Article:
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Extended low rates may result to $19tr Corporate Debt- IMF

Extended low rates may result to $19tr Corporate Debt- IMF

Doris Ukaonu
IMF’s newly-appointed Managing Director, Kristalina Georgieva,

The International Monetary Fund (IMF), has advised that while low rates are desirable for growth, extended periods of low rates will have a cynical effect on the economy just as seen in many advanced countries.

The body warned that a major downturn could result in a  $19 trillion corporate debt default and the first to be likely affected will be pension funds life insurance companies that are taking on more risky investments to meet their return objectives.

In her “Curtain Raiser Speech”, Kristalina Georgieva, IMF’s newly-appointed Managing Director said that interest rates are already very low or even negative in many advanced economies since inflation is still subdued in many countries and overall growth is weakening.

“In our surveillance, we see such an increase of risk-taking by investors broadly around the globe. This creates financial vulnerabilities. In some countries, firms are using low rates and building up debt to fund mergers and acquisitions instead of investing.

“Our new analysis shows that if a major downturn occurs, corporate debt at risk of default would rise to $19 trillion, or nearly 40 percent of the total debt in eight major economies.

“This is above the levels seen during the financial crisis. Low-interest rates are also prompting investors to search for higher yields in emerging markets. This leaves many smaller economies exposed to a sudden reversal of capital flows.

“So we need macro-prudential tools. And we can use new approaches to better manage debt, reduce financial booms and busts, and contain volatility,” she said.

In the same vein, Georgieva said that the success of central banks all over the world will be dependent on their independence, advising that with regards to interest rates, bank staff must master clear communications, remain data-dependent and nimble when necessary.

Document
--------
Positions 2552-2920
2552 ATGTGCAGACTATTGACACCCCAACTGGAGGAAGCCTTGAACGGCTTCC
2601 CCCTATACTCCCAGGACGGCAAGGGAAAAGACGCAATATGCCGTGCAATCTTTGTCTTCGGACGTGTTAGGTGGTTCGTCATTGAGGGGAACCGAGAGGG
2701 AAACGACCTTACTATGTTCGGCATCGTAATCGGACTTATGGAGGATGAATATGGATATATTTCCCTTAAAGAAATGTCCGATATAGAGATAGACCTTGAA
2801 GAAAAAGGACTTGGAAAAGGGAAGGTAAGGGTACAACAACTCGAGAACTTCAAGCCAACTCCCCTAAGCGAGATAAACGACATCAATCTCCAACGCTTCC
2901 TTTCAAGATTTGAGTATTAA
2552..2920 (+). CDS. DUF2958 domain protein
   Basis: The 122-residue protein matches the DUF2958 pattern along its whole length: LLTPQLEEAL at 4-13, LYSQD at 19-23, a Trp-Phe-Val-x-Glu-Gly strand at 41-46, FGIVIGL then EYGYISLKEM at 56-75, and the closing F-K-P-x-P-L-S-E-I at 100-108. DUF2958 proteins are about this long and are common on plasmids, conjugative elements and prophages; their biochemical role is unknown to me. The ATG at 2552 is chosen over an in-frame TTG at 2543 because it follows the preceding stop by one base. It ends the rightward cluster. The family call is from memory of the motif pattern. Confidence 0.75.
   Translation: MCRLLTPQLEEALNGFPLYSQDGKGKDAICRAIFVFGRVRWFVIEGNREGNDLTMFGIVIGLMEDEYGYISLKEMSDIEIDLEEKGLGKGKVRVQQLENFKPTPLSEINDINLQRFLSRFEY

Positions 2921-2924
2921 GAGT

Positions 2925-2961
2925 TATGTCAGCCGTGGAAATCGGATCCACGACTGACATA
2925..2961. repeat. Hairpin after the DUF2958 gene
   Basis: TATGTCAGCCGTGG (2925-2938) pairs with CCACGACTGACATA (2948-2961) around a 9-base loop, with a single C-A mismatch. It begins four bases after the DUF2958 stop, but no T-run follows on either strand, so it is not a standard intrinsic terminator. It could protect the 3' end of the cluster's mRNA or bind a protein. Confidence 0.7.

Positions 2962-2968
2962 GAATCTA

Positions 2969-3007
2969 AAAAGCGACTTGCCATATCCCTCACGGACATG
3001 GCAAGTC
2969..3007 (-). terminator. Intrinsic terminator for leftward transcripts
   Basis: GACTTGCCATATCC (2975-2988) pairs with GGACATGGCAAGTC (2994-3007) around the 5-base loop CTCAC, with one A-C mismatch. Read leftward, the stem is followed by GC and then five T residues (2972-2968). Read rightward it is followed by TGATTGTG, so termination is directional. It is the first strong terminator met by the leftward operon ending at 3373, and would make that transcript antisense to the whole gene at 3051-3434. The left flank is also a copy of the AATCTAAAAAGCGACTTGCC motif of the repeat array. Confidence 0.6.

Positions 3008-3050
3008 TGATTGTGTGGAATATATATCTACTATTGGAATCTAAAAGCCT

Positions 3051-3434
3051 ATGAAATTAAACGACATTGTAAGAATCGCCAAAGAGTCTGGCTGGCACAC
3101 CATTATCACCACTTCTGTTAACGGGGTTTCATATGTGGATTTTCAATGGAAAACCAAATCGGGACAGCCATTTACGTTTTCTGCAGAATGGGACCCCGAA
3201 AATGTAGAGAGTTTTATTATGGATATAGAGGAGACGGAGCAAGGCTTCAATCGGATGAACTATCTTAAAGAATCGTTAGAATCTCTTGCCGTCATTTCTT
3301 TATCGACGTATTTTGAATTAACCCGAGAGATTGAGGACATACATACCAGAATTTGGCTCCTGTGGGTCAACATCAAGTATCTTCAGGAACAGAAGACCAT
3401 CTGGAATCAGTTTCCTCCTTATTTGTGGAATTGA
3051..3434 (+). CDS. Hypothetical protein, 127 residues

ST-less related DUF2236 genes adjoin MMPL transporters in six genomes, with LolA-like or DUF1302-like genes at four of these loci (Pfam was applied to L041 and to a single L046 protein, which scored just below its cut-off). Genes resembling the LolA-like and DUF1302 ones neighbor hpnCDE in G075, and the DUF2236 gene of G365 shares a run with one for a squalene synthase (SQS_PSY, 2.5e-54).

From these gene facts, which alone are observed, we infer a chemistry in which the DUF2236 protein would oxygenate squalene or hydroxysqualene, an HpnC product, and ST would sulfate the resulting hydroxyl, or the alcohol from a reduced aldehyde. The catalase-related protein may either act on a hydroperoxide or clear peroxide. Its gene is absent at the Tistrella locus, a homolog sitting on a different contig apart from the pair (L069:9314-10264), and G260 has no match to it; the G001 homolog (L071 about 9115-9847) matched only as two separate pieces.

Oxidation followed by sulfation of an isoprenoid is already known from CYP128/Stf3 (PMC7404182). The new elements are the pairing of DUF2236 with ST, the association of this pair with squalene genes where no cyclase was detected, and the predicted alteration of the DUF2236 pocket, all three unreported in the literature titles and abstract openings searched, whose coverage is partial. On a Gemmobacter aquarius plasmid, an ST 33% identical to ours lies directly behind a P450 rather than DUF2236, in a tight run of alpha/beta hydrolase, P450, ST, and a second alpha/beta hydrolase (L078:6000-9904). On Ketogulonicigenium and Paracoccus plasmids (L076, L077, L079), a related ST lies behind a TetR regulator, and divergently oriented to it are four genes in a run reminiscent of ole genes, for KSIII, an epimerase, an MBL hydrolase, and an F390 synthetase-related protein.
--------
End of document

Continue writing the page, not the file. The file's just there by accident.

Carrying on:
She acknowledged that central banks around the world are working hard to achieve their mandates despite unfavorable conditions; hence their independence is the foundation of sound monetary policy.

“But we should state one thing very clearly. Monetary and financial policies cannot do the job alone. Fiscal policy must play a central role,” she said.

According to Georgieva, the right time has come for countries with room in their budgets to deploy fiscal firepower or be ready for it, adding that low-interest rates may give some policymakers additional money to spend, especially in infrastructure.

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“That advice will not work everywhere. Globally, public debt is near record levels. So, in countries with a high debt-to-GDP ratio, fiscal restraint continues to be warranted.

“Countries will, of course, tailor policies that work for them. But in every country, reducing debts and deficits should always be done in a way that protects education, health, and jobs.

“And every country needs to wrestle with the question of where, in a rapidly changing world, new sources of growth will come from. I believe focusing on fundamentals can help.

“One way to create more fiscal space is through domestic revenue mobilization. Reducing corruption and utilizing digital tools in tax collection can unlock resources and fuel new investments in people. It can also help countries reach the 2030 Sustainable Development Goals,” she added.

 

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